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college football recruiting
5-8, 189-pound running back Stanley Williams is a four-star recruit from Georgia who just finished his junior year of high school. He just visited Notre Dame and spoke highly of the school. Reportedly.
They say the recruiting business is dicey, at best. Verbal commitments hardly deter other schools from poaching players. Even in the Big Ten, which supposedly preserves a “gentlemen’s agreement” to avoid such encroaching, the line is sometimes crossed.
We’ve talked before about how weird and creepy college athletics recruiting is, these grown men – some of them millionaries many times over – bending over backwards to impress high school kids, and fans rabidly following it every step of the way. After the jump, a story illustrating exactly this.
We’re just one week removed from national signing day for high school prospects, and you know what that means: time to start looking forward to next year’s signing day! Today, to help you do just that, Rivals released its initial list of the top 100 players in the high school class of 2013. As we were looking over this list, though, something jumped out at us even more than these players’ talents: their names. 10 doozies after the jump.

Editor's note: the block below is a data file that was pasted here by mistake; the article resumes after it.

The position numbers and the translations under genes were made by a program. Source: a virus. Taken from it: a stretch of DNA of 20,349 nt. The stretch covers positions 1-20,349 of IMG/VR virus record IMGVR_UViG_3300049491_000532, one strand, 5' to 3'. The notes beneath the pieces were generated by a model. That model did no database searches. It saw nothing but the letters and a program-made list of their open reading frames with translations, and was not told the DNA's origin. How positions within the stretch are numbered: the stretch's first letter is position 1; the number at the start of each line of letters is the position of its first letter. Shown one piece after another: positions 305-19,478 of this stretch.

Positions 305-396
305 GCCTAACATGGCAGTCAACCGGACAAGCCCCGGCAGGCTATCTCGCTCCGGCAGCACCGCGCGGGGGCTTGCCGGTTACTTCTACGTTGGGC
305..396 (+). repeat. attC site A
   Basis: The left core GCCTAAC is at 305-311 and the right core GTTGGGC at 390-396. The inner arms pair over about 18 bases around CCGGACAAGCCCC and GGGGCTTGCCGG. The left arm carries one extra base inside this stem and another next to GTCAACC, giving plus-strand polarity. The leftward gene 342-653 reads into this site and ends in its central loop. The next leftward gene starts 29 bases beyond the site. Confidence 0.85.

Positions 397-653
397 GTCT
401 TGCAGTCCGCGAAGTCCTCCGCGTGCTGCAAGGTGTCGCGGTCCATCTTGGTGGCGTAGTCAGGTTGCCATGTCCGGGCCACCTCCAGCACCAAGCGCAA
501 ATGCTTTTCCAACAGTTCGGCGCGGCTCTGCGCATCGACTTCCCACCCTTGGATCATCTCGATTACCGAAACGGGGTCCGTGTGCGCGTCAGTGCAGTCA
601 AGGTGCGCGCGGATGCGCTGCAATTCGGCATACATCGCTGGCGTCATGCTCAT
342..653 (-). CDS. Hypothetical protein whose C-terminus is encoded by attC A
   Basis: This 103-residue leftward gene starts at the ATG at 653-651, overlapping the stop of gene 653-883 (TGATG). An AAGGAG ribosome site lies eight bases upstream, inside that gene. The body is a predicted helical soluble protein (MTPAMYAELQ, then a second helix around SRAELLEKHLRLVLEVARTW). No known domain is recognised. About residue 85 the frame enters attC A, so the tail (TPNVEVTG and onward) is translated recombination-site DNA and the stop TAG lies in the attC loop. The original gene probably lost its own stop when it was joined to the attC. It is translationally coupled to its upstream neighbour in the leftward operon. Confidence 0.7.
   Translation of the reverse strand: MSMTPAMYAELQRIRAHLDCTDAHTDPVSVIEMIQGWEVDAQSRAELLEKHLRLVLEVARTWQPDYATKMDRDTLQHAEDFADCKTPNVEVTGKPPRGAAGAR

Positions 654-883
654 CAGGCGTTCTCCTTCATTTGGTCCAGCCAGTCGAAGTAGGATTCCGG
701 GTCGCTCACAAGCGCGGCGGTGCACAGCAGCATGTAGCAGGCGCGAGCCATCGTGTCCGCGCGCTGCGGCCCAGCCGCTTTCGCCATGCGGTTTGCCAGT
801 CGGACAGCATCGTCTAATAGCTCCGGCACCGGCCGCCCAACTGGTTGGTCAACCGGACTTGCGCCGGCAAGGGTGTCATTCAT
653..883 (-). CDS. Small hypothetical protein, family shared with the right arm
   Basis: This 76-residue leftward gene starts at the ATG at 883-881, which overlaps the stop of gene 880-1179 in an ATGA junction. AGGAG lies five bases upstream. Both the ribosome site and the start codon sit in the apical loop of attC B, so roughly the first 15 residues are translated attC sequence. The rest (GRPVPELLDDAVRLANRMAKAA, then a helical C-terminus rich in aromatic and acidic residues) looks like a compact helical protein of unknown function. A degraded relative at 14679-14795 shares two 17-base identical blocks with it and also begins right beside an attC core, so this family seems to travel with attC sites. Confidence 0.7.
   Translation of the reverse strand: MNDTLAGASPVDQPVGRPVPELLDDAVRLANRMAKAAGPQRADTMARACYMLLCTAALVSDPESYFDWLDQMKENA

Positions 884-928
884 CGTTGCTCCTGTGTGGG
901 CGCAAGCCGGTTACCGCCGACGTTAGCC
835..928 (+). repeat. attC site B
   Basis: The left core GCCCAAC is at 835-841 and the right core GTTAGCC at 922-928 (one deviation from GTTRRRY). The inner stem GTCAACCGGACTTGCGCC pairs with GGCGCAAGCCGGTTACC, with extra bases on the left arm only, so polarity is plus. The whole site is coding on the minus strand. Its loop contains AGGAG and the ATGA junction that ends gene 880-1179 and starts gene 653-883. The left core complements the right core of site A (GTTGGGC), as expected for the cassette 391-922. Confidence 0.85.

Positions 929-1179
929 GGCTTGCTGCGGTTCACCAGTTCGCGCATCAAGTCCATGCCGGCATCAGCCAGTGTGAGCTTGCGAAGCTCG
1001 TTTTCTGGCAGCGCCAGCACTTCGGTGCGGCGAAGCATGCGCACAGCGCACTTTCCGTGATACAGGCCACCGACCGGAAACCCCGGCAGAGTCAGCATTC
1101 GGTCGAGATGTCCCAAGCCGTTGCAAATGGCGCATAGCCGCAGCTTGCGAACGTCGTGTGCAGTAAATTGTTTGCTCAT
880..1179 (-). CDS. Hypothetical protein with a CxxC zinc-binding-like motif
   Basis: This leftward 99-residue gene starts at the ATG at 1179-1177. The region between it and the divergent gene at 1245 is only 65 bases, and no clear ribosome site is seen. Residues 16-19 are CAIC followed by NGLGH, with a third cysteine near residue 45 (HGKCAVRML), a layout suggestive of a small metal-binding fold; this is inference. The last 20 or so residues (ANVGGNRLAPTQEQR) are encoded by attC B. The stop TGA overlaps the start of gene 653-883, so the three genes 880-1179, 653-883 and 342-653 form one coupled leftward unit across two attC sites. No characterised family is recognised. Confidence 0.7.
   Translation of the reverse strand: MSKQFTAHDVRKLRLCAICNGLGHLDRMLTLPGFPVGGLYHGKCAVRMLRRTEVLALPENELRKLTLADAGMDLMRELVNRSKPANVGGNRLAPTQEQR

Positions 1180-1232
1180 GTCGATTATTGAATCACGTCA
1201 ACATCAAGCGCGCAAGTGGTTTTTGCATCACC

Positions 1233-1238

If you or anyone you know is a big college football fan, chances are good that you or someone you know is freaking the hell out right now, and will be for the majority of today. Why? Well, it’s national signing day for college football. After the jump, a primer on signing day for the uninitiated.
The Oregon Ducks paid Houston-based trainer Will Lyles $25,000 for “recruiting services.” But (surprise!) he may have provided them something else instead.
Star Ohio high school football player Kyle Dodson won’t be attending Ohio State, but there’s something he wants you to know.
Rivals.com lists Central Gwinnett (Ga.) High defensive end Francis Kallon as having 13 scholarship offers from BCS programs – which would be impressive even if he ever had played a single game of football.
There are 120 NCAA Football Bowl Subdivision programs, and each year, all of those schools sign incoming recruiting classes, generally of at least 20 players. There are bound to be some amazing names in that bunch.
As if signing day weren’t an absurd enough spectacle, many teams have gotten to placing a live webcam by the fax machine through which they receive prospects’ official letters of intent. And count on Alabama to take a college football spectacle to its logical extreme.